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10/23/13blog post

why I practice pediatric critical care medicine

By: Dr. Abboud

A couple of months ago I had the opportunity to spend some time with a former patient of mine and his family. Landon Reece is an 8 year old young man who was kicked in the head by a horse on June 17, 2012. I was the intensive care doctor on call that day.

When I arrived at the trauma bay, I heard about Landon and the extent of his injury. During my examination, I pulled back the dressing on his head and saw a severe trauma to his skull and brain. When he came to the hospital, he was unconscious, unable to breathe well on his own and bleeding from the left side of his head. The bone covering that side was shattered by the blow from the horse’s kick.

As can be imagined, his parents were devastated. It wasn’t apparent early on if Landon would even survive his injuries and how serious they were.

I met with his parents, Misty and Jeff, to discuss his history and tell them about his injuries. You could see the shock and devastation on their faces. You go from riding a pony to a life and death situation. As the PICU (Pediatric intensive are unit) doctor, I have to explain his injuries, prepare his family for the worst, ensure them that we are doing the best we can, and hope for the best. I quickly realized that they probably only heard about 20 percent of what I said and that I would need to reinforce the information and assure they understood the scenario.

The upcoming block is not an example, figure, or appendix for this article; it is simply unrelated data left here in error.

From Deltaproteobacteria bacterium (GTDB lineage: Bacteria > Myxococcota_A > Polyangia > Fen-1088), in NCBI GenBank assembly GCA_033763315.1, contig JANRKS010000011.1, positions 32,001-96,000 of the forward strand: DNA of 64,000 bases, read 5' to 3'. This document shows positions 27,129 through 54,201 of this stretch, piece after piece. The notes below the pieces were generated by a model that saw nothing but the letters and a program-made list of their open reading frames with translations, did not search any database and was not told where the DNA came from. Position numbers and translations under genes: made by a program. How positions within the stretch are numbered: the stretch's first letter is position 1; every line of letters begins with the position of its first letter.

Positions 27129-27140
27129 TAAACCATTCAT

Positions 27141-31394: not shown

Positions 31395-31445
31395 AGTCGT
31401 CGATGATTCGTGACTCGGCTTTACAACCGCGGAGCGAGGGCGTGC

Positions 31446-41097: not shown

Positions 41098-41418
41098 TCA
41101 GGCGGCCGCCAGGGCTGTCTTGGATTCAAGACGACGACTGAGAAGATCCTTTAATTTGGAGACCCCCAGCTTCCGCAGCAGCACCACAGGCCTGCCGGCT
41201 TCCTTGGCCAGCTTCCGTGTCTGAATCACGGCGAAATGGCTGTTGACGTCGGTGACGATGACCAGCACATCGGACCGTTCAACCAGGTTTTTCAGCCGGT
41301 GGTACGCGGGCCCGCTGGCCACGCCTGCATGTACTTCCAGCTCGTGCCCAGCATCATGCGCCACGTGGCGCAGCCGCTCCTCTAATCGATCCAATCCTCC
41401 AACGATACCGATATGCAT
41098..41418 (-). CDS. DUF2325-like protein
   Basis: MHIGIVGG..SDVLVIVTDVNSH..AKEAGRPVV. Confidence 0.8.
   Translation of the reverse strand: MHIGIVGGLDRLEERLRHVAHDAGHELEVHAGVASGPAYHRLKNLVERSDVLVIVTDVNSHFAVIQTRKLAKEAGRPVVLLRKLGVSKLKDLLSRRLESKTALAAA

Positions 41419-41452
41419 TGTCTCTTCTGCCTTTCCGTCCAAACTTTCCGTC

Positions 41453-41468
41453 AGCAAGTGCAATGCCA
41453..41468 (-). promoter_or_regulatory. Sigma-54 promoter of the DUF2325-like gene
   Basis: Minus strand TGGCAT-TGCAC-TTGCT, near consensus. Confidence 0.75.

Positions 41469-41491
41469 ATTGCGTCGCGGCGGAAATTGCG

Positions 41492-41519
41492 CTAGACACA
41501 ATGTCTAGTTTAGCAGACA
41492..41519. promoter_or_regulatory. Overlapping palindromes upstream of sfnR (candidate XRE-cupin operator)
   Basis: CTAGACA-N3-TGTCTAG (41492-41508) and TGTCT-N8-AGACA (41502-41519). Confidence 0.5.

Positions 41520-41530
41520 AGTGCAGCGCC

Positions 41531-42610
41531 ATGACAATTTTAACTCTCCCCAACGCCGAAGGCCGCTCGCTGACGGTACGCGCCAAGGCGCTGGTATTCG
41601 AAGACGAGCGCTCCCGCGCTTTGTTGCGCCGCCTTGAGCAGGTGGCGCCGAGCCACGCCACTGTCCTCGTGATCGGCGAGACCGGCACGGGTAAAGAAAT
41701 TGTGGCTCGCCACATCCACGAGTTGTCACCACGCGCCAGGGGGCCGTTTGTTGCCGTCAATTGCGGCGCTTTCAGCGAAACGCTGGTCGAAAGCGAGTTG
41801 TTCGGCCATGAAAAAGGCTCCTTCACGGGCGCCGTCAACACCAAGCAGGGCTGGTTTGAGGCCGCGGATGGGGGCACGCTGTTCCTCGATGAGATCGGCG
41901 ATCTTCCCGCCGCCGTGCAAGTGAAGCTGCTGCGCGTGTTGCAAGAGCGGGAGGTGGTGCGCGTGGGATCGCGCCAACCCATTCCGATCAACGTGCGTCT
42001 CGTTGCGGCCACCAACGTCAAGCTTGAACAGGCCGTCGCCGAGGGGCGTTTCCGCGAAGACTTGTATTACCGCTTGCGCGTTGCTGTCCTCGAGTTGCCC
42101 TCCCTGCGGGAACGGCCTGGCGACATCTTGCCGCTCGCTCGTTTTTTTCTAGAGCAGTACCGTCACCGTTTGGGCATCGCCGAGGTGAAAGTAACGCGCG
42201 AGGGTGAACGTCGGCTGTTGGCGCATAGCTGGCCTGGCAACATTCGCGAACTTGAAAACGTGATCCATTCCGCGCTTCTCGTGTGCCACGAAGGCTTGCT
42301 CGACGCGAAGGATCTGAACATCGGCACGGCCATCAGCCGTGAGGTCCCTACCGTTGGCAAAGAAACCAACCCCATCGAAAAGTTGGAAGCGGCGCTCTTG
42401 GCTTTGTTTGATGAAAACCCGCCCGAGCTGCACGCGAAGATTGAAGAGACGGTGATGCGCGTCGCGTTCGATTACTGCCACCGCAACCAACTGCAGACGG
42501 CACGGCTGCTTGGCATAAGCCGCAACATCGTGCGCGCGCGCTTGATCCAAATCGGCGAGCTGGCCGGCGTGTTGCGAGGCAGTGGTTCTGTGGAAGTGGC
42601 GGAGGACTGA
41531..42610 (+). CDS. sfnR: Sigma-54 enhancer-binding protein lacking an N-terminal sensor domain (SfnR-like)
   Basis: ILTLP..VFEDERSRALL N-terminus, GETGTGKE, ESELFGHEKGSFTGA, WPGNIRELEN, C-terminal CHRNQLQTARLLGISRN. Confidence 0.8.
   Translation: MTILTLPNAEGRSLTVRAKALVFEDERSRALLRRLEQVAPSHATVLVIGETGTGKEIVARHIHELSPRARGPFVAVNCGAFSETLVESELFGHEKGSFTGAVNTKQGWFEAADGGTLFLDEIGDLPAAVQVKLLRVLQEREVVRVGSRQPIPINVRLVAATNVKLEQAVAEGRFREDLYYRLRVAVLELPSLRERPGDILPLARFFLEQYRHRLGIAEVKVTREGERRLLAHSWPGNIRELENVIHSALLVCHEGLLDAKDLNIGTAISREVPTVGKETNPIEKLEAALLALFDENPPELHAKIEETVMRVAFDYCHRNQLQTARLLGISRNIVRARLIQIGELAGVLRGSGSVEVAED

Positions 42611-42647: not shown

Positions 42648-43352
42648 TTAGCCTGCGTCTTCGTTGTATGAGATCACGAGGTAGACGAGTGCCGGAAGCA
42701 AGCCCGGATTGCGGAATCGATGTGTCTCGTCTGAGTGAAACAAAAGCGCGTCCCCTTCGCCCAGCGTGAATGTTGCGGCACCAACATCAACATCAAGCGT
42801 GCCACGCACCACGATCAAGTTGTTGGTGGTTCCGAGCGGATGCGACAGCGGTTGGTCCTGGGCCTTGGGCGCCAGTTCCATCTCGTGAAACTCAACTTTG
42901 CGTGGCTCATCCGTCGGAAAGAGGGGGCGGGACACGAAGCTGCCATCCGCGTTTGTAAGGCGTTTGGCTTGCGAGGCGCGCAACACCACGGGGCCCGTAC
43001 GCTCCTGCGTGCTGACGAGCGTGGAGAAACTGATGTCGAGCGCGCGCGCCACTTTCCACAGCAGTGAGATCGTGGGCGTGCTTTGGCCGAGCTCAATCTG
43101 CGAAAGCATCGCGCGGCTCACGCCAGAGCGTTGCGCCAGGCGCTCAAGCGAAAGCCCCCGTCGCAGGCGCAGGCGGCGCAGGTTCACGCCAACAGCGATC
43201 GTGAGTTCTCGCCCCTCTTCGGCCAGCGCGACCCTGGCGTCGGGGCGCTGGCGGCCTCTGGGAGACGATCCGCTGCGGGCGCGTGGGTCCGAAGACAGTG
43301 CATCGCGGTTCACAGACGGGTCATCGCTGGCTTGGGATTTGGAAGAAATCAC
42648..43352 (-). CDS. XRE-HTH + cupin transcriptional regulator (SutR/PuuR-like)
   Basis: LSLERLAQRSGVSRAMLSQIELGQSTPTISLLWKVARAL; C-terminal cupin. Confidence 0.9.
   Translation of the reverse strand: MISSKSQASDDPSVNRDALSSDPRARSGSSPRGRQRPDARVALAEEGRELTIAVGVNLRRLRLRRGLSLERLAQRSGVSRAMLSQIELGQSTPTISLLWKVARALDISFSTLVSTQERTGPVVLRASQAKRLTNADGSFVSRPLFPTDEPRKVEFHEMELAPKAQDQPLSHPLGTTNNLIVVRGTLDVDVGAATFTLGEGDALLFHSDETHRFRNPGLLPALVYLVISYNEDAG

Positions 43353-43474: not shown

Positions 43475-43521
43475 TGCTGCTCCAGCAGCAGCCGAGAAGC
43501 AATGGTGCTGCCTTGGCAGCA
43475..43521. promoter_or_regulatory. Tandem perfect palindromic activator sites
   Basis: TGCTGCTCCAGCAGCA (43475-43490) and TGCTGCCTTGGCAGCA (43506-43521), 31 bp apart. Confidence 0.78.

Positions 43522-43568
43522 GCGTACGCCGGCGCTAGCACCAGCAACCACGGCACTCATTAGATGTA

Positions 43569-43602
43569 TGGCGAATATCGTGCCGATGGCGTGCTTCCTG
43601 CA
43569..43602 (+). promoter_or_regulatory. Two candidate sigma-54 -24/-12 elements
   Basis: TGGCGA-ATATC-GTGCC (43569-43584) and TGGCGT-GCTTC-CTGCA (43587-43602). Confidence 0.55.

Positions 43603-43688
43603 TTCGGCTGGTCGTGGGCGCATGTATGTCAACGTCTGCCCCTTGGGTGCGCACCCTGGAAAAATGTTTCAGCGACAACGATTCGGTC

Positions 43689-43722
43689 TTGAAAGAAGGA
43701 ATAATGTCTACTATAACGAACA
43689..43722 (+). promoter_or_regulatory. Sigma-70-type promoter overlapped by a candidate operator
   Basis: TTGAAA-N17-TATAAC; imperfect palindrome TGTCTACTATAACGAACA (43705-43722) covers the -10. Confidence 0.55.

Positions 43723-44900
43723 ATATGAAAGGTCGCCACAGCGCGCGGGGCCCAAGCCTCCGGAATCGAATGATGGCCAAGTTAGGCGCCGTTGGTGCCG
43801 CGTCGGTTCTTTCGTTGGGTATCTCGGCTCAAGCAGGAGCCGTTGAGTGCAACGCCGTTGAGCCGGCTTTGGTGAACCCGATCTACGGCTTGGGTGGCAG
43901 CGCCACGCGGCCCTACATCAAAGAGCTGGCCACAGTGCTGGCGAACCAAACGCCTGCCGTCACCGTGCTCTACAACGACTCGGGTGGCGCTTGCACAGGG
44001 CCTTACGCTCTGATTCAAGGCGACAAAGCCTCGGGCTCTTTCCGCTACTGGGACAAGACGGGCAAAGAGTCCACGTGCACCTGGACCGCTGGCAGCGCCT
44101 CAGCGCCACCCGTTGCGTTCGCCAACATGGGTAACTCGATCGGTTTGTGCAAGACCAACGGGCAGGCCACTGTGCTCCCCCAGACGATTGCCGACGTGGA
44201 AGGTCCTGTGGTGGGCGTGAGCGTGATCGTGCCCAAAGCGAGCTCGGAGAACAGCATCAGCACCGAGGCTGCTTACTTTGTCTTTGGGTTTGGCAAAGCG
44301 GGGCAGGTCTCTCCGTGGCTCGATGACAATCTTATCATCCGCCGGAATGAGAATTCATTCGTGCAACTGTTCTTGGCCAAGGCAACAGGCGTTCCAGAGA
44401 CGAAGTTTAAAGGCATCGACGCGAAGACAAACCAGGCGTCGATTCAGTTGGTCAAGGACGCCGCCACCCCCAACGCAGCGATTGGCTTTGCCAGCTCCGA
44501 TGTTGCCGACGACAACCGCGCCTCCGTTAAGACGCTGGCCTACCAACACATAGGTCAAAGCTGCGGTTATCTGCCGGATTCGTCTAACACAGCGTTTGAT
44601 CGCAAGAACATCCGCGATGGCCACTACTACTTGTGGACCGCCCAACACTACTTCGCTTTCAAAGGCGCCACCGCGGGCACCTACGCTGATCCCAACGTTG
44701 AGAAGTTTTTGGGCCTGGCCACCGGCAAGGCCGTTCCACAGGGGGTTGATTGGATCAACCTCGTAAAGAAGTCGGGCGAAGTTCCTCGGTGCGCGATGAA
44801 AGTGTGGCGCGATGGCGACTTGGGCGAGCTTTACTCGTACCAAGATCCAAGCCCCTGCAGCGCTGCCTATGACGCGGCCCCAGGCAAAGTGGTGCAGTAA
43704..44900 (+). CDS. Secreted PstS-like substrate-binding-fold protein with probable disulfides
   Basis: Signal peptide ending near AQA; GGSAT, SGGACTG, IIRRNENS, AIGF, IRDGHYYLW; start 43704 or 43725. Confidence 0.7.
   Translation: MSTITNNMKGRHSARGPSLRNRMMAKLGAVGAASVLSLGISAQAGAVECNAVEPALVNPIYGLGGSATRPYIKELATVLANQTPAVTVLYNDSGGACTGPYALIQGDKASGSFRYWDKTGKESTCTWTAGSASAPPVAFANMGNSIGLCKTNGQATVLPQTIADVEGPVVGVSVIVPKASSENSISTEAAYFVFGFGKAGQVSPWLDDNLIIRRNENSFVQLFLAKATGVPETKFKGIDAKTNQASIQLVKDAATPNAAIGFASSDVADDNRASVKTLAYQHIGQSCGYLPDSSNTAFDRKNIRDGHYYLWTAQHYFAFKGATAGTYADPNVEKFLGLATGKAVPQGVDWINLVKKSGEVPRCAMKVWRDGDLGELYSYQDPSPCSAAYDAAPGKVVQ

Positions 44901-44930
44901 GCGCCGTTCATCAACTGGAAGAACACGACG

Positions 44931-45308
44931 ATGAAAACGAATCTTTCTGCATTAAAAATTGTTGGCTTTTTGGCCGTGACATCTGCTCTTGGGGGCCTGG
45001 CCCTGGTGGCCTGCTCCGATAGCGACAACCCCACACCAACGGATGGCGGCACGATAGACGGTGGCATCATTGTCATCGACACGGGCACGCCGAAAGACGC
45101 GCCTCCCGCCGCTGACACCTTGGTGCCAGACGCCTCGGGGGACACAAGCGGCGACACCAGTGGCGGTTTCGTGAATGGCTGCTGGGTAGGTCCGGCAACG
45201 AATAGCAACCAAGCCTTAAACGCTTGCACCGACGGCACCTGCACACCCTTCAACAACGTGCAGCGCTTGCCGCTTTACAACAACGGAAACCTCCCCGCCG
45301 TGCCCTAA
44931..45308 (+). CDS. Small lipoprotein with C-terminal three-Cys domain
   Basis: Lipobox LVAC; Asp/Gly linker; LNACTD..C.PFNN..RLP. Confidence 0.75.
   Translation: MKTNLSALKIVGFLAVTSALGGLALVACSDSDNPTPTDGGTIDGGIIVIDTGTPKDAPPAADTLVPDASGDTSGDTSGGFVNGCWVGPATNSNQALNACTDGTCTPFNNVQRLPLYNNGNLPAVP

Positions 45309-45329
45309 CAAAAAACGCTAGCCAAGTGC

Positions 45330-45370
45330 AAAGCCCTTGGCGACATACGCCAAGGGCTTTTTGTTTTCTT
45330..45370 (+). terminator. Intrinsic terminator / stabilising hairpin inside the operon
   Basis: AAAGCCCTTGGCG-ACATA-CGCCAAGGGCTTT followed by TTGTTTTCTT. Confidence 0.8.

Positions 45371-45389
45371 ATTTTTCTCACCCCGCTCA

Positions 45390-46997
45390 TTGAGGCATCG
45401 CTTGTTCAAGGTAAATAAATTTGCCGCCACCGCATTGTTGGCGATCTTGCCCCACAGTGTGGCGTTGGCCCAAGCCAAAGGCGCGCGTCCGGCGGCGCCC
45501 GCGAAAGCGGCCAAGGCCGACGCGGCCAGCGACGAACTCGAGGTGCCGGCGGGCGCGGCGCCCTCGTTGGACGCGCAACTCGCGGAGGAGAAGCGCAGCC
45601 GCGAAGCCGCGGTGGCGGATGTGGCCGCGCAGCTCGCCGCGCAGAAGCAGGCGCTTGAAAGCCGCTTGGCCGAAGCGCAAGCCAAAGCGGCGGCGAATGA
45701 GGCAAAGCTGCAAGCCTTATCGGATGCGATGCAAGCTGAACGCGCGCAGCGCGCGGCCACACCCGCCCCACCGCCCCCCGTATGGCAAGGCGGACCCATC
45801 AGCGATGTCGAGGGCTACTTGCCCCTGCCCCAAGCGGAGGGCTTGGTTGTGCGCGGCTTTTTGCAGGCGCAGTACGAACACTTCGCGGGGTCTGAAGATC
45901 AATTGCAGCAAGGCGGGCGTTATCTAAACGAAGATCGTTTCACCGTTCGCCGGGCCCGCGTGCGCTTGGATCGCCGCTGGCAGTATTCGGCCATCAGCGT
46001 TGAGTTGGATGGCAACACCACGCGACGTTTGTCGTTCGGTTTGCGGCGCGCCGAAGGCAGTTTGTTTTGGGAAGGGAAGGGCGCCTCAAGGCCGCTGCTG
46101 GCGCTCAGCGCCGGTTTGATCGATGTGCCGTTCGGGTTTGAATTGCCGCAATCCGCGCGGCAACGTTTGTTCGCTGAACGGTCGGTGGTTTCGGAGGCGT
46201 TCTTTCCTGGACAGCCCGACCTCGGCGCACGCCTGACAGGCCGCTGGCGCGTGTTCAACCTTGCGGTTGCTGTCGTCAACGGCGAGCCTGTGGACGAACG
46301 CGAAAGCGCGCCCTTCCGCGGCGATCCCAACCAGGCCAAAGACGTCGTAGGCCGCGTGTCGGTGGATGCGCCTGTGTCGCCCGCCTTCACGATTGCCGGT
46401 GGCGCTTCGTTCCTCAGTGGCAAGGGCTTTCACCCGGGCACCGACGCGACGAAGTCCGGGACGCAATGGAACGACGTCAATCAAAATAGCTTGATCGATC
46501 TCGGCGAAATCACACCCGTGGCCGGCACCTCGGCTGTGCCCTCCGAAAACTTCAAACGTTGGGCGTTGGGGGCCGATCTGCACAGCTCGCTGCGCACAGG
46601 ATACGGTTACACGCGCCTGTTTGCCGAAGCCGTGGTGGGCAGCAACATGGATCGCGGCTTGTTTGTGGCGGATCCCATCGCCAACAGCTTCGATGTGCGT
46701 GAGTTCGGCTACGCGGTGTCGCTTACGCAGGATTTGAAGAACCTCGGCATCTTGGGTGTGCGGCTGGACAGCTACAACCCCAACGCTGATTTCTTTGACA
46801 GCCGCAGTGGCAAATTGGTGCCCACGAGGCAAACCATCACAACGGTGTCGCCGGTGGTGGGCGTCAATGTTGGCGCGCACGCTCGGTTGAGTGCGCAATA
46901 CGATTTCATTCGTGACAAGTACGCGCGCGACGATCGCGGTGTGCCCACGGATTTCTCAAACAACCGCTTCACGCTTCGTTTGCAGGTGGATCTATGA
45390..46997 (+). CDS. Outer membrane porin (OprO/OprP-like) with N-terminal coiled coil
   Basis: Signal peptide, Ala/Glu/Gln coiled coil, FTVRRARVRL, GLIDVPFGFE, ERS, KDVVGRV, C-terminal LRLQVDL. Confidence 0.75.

Fortunately, as horrible as his injuries were, they were not as extensive as they could have been. He was taken immediately to the operating room for stabilization and then several weeks in the PICU in critical condition followed by many weeks of rehabilitation.

I am really proud of how far Landon has come. One year later his family is jubilant at his progress as he continues to improve. I was thrilled to see his smiling face and personality shine through when we spent some time together this past July. I am confident that Landon will continue to improve with his supportive parents and his will to survive.

Accidents and tragedies are a part of life and unavoidable. By nature of critical care, we take care of the sickest children in the hospital. Although we do have our sad cases, for the most part our patients do remarkably well.

Many people ask me “why do you work in the ICU, it is so sad.” My reply is “Because of patients like Landon Reece”. Kids are so resilient!

Please enjoy this short video about Landon’s amazing recovery.

By: Patricia Abboud, MD – “Dr. Mom Squad”

Dr. Abboud is a pediatric intensivist at Dayton Children’s and the mother of three kids. As part of the “Dr. Mom Squad,” Dr. Abboud blogs about her experiences as both as doctor and a mom and hopes to share insight to other parents on issues related to both parenting and kids health. Learn more about Dr. Abboud!